Mr. Clausen’s information has been translated and used by publications in many foreign countries including Japan, Ireland, England, Turkey, Germany, France and Chile. In 1994, a film crew from Danish TV-2 flew to Seattle to interview Mr. Clausen for a television documentary about international and U.S. extremist organizations. The documentary, A MAN IN THE RAINBOW, was subsequently aired in several European countries.

His latest book "Burning Rage - The Growing Anger Within My Country," will be updated and available on early this spring.
The VA Scandal Gets Deadlier
A report by Sen. Tom Coburn reveals the disturbing truth
A devastating oversight report from Sen. Tom Coburn (R-OK) reveals that the combination of malpractice and bureaucratic ineptitude infesting the Department of Veterans Affairs (VA) is far deadlier than previously acknowledged. "Over the past decade, more than 1,000 veterans may have died as a result of VA malfeasance, and the VA has paid out nearly $1 billion to veterans and their families for its medical malpractice," the report states.
The death total dwarfs the 23 fatalities for which the VA has taken responsibility. Coburn, a physician and three-time cancer survivor, notes the problems at VA facilities go "far deeper" than the phony scheduling schemes that brought this scandal to the national stage. "The waiting list cover-ups and uneven care are reflective of a much larger culture within the VA, where administrators manipulate both data and employees to give an appearance that all is well," the report reveals.
According to Coburn, that culture is one in which veterans "are not always a
priority." Much of that is attributable to the reality that even as the VA suffers from a shortage of healthcare providers, VA nurses are paid to perform union duties and doctors are allowed to leave work early rather than care for patients. The report further explains that good employees who try to bring attention to the Department’s shortcomings "are punished, bullied, put on ‘bad boy’ lists, and transferred to other locations."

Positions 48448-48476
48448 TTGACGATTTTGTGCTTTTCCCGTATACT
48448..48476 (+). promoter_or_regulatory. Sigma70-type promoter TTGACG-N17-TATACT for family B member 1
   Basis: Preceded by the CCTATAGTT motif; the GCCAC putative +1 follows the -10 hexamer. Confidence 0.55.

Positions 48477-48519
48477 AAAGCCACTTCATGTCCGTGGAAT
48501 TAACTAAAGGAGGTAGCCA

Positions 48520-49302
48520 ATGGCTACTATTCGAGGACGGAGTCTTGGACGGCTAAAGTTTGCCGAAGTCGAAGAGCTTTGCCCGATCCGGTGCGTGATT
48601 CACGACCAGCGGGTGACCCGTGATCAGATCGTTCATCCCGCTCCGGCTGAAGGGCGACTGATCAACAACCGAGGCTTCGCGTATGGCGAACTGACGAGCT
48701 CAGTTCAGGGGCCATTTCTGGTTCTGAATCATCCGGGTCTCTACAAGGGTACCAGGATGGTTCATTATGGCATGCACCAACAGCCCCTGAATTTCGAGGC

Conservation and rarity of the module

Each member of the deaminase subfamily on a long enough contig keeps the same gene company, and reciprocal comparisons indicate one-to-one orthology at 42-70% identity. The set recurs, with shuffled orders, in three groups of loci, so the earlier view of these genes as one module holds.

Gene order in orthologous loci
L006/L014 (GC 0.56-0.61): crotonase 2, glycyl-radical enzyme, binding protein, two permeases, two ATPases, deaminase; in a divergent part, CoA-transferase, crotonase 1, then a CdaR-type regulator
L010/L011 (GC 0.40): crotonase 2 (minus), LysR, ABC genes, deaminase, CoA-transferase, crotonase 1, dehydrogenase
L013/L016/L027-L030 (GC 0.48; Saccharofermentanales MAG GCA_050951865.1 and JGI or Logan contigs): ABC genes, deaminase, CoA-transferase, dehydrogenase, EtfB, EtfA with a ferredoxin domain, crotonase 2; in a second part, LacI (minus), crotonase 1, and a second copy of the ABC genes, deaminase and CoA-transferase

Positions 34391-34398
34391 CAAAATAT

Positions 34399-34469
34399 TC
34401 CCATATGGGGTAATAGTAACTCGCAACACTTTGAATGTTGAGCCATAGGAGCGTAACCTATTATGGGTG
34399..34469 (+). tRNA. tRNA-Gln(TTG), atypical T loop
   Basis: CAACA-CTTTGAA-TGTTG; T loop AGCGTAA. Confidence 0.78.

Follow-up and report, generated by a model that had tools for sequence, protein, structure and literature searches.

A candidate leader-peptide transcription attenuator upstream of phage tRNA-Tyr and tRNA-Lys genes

The report also blows away the VA’s fallback excuse, namely that it suffers from a lack of funding. Coburn notes that spending has increased rapidly in recents years, an assertion backed up by federal budget figures. Inflation-adjusted federal spending shows that the VA budget has increased 92.2 percent over the last decade, skyrocketing from $73.3 billion in FY2003 to $140.9 billion last year, measured in constant 2014 dollars. According to the VA spends more in inflation-adjusted dollars than it did following WWII and the Vietnam war, when millions of troops were returning home from the battlefield.
Spending over the last dozen years has been on "junkets, generous salaries, bonuses, and office renovations for its employees
Coburn reveals that as much as $20 billion of that spending over the last dozen years has been on "junkets, generous salaries, bonuses, and office renovations for its employees," even as the Department ends every year with billions in unspent funds. He further notes that most of the construction projects undertaken by the VA are over budget and behind schedule. And even when state-of-the-art facilities are finally constructed, the VA is unable to staff them with a sufficient number of doctors. This reality has forced them to spend millions of dollars sending veterans to clinics in other cities and states, wasting veterans’ time and taxpayers’ money.